If people were to recognise apprenticeships for the value that they can bring to both organisations and the economy at large, we perhaps would not be faced with such a skills crisis and an apparent disregard for funding for these other routes into the workplace.
Digital apprenticeships in particular, bring a huge return on investment for businesses. Upskilling an existing employee via this training is an immense saving on costs when compared to hiring a new team member to fill an internal skills gap. If implementing an apprenticeship scheme the business sits itself in a better position to have a steady flow of skilled employees entering the company, resulting in a more efficient and productive workforce.
And if a business has the time and resource to incorporate a graduate scheme and hire interns then they have no argument against not also having an apprenticeship scheme.
Apprenticeships can therefore be a long-term solution to plugging the digital skills gap and reviving the UK economy, especially if the onus is put on the skills which are in desperate need such as cybersecurity, IT, manufacturing and STEM - but this is only if provided with the correct funding.
Not only do apprenticeships provide new skills to a generation of people entering the workplace, they can also be used to upskill the existing workforce. Apprenticeship training is continuously updated to ensure that those undertaking the courses are armed with the correct skills needed to hit the ground running in the businesses they graduate into.
This, coupled with the fact that apprenticeships take half the time of university degrees, is what makes them so vital in the fight against the lack of digital skills in the country.
Also, in contrast to other types of training, is the real life experience that apprentices gain. Each apprenticeship requires time spent in a business which ensures the apprentice has the opportunity to use the skills they have learnt - knowledge has no value unless it can be put into practice. As the lockdown eases, this on-the-job training means that apprentices can help boost business and economic growth before they have even qualified.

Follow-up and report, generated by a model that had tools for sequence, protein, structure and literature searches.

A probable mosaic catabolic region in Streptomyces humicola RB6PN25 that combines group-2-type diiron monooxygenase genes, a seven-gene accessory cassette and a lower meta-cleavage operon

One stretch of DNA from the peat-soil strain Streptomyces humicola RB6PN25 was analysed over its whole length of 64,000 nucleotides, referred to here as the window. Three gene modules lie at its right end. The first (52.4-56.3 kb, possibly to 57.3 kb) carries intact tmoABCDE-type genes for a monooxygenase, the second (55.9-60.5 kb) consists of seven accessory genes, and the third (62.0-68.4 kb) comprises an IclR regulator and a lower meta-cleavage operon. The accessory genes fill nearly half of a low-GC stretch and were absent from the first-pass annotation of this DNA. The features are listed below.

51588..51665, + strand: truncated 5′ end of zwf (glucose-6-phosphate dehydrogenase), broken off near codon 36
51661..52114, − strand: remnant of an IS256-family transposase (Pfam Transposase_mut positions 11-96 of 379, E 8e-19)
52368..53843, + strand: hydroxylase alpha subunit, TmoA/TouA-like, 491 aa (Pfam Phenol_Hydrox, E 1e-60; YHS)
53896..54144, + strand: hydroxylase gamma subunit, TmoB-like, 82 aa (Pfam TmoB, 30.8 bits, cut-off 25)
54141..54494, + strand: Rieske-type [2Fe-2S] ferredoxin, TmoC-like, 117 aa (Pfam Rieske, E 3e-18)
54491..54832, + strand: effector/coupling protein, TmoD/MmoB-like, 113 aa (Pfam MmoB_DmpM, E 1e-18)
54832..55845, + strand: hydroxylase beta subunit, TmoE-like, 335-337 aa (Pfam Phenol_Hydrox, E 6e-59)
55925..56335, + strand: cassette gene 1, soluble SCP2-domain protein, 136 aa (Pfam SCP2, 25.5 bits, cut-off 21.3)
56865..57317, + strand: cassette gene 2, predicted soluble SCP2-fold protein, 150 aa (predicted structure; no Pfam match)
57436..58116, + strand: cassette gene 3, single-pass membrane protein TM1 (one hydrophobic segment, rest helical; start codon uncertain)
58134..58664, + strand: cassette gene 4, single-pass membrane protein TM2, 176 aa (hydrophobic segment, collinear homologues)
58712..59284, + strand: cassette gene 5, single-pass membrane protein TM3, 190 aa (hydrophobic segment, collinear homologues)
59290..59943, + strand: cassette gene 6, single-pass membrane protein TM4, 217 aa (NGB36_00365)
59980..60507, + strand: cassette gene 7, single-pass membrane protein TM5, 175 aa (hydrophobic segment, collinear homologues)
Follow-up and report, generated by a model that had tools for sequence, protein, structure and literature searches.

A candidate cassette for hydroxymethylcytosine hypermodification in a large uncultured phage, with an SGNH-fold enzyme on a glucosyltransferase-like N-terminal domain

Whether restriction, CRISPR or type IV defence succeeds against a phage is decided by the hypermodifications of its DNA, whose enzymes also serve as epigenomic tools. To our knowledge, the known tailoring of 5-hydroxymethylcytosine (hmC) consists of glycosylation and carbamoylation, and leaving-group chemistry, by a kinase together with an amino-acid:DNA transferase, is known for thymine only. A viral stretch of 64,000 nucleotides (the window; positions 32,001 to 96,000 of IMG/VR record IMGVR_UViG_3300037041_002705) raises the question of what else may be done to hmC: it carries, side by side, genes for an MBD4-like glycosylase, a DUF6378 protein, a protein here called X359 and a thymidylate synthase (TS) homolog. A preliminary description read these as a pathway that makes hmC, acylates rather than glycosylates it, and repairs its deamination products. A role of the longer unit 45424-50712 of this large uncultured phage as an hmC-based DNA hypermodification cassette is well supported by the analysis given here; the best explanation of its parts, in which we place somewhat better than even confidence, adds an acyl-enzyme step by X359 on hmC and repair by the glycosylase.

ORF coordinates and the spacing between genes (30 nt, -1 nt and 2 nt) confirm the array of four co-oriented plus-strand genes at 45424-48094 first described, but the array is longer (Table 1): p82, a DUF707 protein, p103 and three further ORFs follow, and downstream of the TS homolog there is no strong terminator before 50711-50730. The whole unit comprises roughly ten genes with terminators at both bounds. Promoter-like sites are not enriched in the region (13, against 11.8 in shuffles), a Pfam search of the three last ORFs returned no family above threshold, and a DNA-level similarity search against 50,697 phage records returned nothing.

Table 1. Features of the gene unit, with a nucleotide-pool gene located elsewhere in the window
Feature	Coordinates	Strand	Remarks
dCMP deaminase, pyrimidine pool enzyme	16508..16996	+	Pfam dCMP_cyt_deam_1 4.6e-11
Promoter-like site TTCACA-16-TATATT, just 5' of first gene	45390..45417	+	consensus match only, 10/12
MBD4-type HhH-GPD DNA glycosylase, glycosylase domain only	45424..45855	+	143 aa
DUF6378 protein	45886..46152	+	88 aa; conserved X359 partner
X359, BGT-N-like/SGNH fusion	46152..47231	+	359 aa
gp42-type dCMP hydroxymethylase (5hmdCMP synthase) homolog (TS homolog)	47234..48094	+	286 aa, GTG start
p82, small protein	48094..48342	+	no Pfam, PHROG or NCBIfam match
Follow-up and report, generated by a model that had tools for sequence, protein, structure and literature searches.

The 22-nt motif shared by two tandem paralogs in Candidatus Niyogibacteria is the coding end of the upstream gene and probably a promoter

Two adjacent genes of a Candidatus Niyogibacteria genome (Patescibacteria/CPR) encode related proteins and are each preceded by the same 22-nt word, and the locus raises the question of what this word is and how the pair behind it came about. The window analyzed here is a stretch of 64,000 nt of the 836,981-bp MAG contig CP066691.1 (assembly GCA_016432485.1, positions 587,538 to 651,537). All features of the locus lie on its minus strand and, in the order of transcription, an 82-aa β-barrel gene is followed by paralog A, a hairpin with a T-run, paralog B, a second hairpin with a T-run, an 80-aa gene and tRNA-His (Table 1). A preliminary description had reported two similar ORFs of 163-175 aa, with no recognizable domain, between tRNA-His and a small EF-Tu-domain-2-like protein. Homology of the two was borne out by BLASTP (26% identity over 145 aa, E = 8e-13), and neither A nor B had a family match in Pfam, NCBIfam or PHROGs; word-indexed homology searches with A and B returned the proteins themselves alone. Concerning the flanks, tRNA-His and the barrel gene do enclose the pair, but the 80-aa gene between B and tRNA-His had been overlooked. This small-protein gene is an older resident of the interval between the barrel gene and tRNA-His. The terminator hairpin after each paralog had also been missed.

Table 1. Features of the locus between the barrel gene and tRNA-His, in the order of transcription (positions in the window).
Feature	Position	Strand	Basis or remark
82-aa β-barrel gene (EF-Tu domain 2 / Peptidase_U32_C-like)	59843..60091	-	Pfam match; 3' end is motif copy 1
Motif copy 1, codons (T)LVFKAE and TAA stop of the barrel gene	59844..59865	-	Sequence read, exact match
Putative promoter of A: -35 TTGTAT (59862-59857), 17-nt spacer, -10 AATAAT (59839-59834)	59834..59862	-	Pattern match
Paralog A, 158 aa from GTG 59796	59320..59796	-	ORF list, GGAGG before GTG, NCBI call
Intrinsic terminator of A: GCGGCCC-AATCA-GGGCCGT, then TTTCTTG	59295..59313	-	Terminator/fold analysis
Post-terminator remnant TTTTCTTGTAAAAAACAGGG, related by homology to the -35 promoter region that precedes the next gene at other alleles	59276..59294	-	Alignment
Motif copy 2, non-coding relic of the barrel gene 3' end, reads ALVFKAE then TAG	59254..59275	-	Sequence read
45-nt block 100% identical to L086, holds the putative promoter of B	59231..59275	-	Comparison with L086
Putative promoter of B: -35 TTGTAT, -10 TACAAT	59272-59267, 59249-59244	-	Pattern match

The government’s apprenticeship levy, which makes employers with a revenue of over £3 million put aside 0.5% for apprentice training, can assist businesses looking for support.
Aside from more funding from the government to bolster the levy, which at the moment leaves many smaller organisations with little cash to invest into apprenticeship training, we also need to see more collaboration in the industry. Employers, training organisations, lobbying groups and the government must come together to work with the levy and other existing resources to solve pressing issues such as the digital skills gap and unemployment.
It is only through such collaboration that we will truly arm a workforce for the future, ready to deal with whatever the world throws at us next. COVID-19 may be the current reason for the country’s economic downturn but a lack of skills will ensure that it will be a long time before we see any growth unless we begin to look forward.
Find Ben Hansford on LinkedIn here.